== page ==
Maintenance and care

Feijoas will put out heaps of new growth in early spring just before they flower and this can often mean they will get quite large. Feijoas don't mind a good prune but make sure you do it after they have finished fruiting. This is often in late autumn or early winter. Use Hoselink’s 2-in-1 Hedge Shears to cut back up to a third of the growth. Use the Hoselink Loppers for any of the thicker branches. It can be a good idea to prune the bottom branches off and some from the centre to allow good airflow and pollinators access to the centre of the tree. I wouldn’t start pruning your tree until it is 3-4 years old or nearing your desired height. Use the clippings as mulch or compost to put the organic matter back into your garden.


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How to tell when feijoa fruits are ripe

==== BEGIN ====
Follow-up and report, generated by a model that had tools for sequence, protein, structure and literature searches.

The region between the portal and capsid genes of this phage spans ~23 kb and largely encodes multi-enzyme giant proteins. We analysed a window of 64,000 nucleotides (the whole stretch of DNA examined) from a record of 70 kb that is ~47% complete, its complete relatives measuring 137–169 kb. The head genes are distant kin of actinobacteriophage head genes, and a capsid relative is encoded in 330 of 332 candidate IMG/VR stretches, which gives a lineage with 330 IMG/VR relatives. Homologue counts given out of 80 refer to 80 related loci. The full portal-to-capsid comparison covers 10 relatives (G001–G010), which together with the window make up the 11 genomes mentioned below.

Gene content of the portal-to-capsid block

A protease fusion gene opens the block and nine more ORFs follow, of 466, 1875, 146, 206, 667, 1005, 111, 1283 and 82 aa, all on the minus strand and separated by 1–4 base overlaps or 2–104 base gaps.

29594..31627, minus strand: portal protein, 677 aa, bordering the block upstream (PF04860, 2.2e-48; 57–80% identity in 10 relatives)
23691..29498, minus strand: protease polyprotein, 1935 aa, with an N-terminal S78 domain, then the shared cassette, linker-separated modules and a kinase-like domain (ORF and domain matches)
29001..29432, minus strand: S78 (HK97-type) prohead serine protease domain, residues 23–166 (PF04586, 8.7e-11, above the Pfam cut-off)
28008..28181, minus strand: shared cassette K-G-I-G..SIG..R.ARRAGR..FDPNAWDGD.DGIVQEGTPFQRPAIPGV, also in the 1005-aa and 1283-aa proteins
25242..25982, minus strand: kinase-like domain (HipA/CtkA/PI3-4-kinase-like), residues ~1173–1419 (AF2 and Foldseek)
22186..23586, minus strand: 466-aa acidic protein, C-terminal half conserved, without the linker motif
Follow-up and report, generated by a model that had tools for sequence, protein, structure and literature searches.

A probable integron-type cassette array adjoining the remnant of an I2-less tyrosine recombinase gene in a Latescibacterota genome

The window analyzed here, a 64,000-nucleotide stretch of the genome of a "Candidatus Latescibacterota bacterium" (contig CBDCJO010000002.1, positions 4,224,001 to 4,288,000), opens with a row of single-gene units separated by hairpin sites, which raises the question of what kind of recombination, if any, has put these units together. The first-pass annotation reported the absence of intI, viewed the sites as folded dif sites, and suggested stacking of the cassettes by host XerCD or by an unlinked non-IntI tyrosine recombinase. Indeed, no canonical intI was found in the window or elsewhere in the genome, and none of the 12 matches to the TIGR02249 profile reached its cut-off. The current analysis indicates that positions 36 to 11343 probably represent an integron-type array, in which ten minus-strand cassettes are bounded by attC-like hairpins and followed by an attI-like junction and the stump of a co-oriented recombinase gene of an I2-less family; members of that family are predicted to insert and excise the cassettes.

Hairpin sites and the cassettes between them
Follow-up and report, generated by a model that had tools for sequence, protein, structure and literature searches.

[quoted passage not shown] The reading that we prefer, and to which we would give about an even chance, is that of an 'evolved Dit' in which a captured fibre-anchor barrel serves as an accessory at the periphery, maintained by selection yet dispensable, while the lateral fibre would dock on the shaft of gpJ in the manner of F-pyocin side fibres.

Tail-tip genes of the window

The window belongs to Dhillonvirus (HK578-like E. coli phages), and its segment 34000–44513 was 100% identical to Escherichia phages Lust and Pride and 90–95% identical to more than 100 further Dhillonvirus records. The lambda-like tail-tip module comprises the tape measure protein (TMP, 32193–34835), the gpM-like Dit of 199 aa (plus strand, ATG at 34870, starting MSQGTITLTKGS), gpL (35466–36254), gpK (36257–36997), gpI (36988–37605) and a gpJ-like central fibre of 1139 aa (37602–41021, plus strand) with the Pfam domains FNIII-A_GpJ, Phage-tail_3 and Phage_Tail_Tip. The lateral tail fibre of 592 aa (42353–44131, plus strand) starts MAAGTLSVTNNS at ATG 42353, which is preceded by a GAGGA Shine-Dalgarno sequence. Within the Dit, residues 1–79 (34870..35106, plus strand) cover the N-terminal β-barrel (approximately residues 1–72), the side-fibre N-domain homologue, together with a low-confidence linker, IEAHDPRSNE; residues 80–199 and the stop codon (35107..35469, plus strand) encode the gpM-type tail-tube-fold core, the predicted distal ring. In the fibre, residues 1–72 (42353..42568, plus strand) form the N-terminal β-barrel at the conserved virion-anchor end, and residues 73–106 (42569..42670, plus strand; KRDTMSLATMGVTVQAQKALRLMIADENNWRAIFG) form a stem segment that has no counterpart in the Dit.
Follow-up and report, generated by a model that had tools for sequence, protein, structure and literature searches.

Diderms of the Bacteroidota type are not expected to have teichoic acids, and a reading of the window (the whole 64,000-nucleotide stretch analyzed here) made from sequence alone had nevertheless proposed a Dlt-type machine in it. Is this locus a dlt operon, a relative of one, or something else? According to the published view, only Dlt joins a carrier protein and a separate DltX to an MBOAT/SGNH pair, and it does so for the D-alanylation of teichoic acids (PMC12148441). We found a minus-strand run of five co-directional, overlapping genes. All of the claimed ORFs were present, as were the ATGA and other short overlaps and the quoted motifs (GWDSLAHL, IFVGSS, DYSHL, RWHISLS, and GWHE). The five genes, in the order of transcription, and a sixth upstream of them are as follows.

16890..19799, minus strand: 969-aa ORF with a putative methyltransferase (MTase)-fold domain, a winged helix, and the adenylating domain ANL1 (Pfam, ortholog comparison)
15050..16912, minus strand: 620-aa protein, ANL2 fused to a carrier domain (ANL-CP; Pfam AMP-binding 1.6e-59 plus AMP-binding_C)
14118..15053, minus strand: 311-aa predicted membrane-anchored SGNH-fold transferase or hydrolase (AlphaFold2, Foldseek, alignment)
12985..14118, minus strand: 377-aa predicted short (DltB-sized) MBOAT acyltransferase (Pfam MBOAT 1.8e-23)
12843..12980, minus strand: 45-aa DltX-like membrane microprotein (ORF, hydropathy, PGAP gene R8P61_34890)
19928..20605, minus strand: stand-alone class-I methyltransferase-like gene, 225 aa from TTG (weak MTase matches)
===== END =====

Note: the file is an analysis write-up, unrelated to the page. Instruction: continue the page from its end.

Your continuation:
Although the feijoa fruit remains green, it is actually very easy to tell when they are ripe! When the fruit is ripe it will just fall from the tree, so it is important to check under the tree regularly during the fruiting season. Feijoas will continue to ripen off the tree so it is best to eat them fresh and as they fall. I like to eat my fruit when there is still a little bit of tartness; if you hold the fruit in your hand and gently pull it will come off if it is ready. If it doesn't fall into your hand it’s not quite ready.

Did you know you can eat the whole fruit? I love the taste of the tart skin in combination with the sweet, tropical flesh.


Uses and preserving

The best way to eat feijoa fruits is fresh off the tree. Once your tree takes off, it will be a generous fruiter, especially if you have multiple trees. Gifting fruit to friends and neighbours is a great way to share and trade your produce.

There are also plenty of other ways to use and preserve your feijoas so you can enjoy them all year round:

  • Jams and chutneys
  • Feijoa wine or liqueur
  • Cakes and baking
  • Stewed fruit
  • Feijoa juice and smoothies

With their evergreen foliage, hardy drought tolerant qualities and delicious tasting fruit, feijoas make a great addition to any home garden.